“The health exchange, Covered California, is really interested in making the enrollment piece … as easy as buying airline tickets on Kayak,” Mr. Toledo said.
Ms. Streett, of Social Interest Solutions, agreed, adding that her organization has consulted a number of states on how to set up exchanges.
“We think this is an important chance for states to be looking at how they can maximize enrollment in their exchanges,” she said.
Peter Rumble, director of health policy, planning and evaluation for Sonoma County Health Services, said mobile technology will greatly benefit both access and the delivery of care as more people enter the health care system. Particularly, it will permit trusted health care organizations and others to reach communities where they live, rather than hoping underserved populations obtain services at a fixed location.
“We’ll need to engage people in the community where they are. We’ll need to be in the community to get people enrolled,” Mr. Rumble said. “And so mobile technology, it’s not really a thing of the future; it’s a thing of now. And it will help us not force (people) to go outside of their community for care. That’s a big cornerstone.”
For example, established community centers, churches, schools or even homeless shelters can be used as sites to enroll an otherwise hard-to-reach population in important health programs, Mr. Rumble and Mr. Toledo said. Once enrolled, and once access to a physician occurs, that physician could then easily see if a person is on Medi-Cal, which could alert them to other services the patient may benefit from, such as Women, Infant and Child program or CalFresh, Mr. Toledo said.
Security, privacy concerns
The study does note that mobile technology, when used for health information, presents “unique security and privacy matters, including oversight against loss and theft of mobile devices and use of the devices in public environments….” But the mobile application is in compliance with the Health Insurance Portability and Accountability Act, and Ms. Streett said that by the time health exchanges roll out in late 2013, security issues would likely be resolved.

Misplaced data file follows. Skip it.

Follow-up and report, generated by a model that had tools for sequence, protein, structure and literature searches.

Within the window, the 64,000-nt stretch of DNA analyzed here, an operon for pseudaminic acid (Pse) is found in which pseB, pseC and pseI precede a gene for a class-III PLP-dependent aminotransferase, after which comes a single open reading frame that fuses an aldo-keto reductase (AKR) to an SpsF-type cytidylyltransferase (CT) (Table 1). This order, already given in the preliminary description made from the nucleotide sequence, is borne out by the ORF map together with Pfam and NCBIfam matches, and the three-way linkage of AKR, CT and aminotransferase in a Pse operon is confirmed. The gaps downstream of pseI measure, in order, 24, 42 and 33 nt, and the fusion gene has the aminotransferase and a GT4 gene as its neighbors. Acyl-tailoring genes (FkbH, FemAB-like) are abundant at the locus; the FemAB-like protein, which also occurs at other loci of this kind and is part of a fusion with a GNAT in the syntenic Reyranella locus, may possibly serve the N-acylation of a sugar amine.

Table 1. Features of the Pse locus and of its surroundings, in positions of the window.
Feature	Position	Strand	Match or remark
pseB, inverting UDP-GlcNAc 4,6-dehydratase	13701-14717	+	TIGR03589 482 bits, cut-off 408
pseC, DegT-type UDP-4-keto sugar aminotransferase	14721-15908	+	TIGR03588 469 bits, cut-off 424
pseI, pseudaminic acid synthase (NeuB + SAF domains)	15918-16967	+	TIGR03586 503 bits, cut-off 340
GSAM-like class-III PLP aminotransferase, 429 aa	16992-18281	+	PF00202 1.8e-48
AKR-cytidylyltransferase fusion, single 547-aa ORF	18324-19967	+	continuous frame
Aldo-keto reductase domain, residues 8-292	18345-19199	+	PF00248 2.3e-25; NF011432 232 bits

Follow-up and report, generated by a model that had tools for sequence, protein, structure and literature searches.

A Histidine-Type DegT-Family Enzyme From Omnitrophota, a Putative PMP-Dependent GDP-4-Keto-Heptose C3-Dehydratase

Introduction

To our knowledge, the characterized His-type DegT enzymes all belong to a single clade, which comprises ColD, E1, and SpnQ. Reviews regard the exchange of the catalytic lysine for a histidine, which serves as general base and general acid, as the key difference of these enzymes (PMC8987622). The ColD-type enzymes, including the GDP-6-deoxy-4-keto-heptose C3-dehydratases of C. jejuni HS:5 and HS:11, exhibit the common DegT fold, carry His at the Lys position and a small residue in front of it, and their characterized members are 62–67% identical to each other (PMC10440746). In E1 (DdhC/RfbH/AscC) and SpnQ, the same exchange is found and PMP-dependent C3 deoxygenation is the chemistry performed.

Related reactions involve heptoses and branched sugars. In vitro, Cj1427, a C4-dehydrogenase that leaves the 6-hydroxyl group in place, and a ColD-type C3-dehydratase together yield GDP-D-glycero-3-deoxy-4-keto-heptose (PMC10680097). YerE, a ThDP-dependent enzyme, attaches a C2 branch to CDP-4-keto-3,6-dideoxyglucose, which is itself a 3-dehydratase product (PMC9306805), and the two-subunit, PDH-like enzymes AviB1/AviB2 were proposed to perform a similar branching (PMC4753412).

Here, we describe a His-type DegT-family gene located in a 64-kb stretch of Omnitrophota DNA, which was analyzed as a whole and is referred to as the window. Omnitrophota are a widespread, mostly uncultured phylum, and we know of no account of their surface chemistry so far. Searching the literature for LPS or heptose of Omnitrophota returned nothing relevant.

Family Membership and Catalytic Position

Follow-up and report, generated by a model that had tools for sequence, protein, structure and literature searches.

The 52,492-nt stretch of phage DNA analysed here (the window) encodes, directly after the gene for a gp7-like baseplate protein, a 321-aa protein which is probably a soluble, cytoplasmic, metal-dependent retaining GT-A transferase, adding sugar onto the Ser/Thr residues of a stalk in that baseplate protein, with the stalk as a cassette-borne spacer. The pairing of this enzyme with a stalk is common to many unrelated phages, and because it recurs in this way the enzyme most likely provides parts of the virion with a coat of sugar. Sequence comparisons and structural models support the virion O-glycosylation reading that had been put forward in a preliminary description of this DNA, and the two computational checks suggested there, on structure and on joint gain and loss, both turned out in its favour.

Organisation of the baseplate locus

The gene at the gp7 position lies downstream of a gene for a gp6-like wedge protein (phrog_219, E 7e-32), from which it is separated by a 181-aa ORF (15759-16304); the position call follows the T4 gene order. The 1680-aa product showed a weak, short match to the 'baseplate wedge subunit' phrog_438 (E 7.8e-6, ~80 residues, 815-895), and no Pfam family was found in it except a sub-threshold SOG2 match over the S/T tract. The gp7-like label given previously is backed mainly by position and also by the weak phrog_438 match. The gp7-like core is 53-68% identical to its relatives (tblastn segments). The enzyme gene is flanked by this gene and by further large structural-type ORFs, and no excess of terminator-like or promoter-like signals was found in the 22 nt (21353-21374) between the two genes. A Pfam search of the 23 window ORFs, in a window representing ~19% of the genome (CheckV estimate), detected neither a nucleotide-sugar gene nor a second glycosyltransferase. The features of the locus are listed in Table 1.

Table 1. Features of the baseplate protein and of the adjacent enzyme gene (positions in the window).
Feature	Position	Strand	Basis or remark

Another pilot is now underway in San Diego, where Social Interest Solutions is testing the mobile application on Samsung Galaxies; the Sonoma County study focused on Apple products. The study notes that a key challenge to the mobile One-e-app is building something that can be used across the multiple mobile platforms.
According to the study, users of the mobile One-e-app were able to process more applications in less time, they could help people in nearly any setting, and an iPad was more than sufficient to complete the application.
Redwood Community Health Coalition currently has 28 full-time application assistors, a number it hopes to double within in the next six months, Mr. Toledo said.
Social Interest Solutions developed and manages the ongoing operations of One-e-App for a wide range of health and human services programs that is used in 14 counties in California and in Arizona, Maryland, Indiana and Florida. To date, One-e-App has facilitated enrollment of more than 13 million people nationally into Medicaid and other federal, state and local programs.
The Redwood Community Health Coalition consists of health centers in Marin, Sonoma, Napa and Yolo counties, including Marin Community Clinics, the Petaluma Health Center, Santa Rosa Community Health Centers, Clinic Ole in Napa and numerous others.
While elements of health care reform remain in flux, California’s health exchange is on schedule and is considered farther along than most other states. That could help enrollment go relatively smoothly, Mr. Rumble said.
“The California exchange is moving forward. We know generally what it’s going to look like,” Mr. Rumble said. “We’re only about a year away from a strong push to get people enrolled. The implementation of this technology is really important.”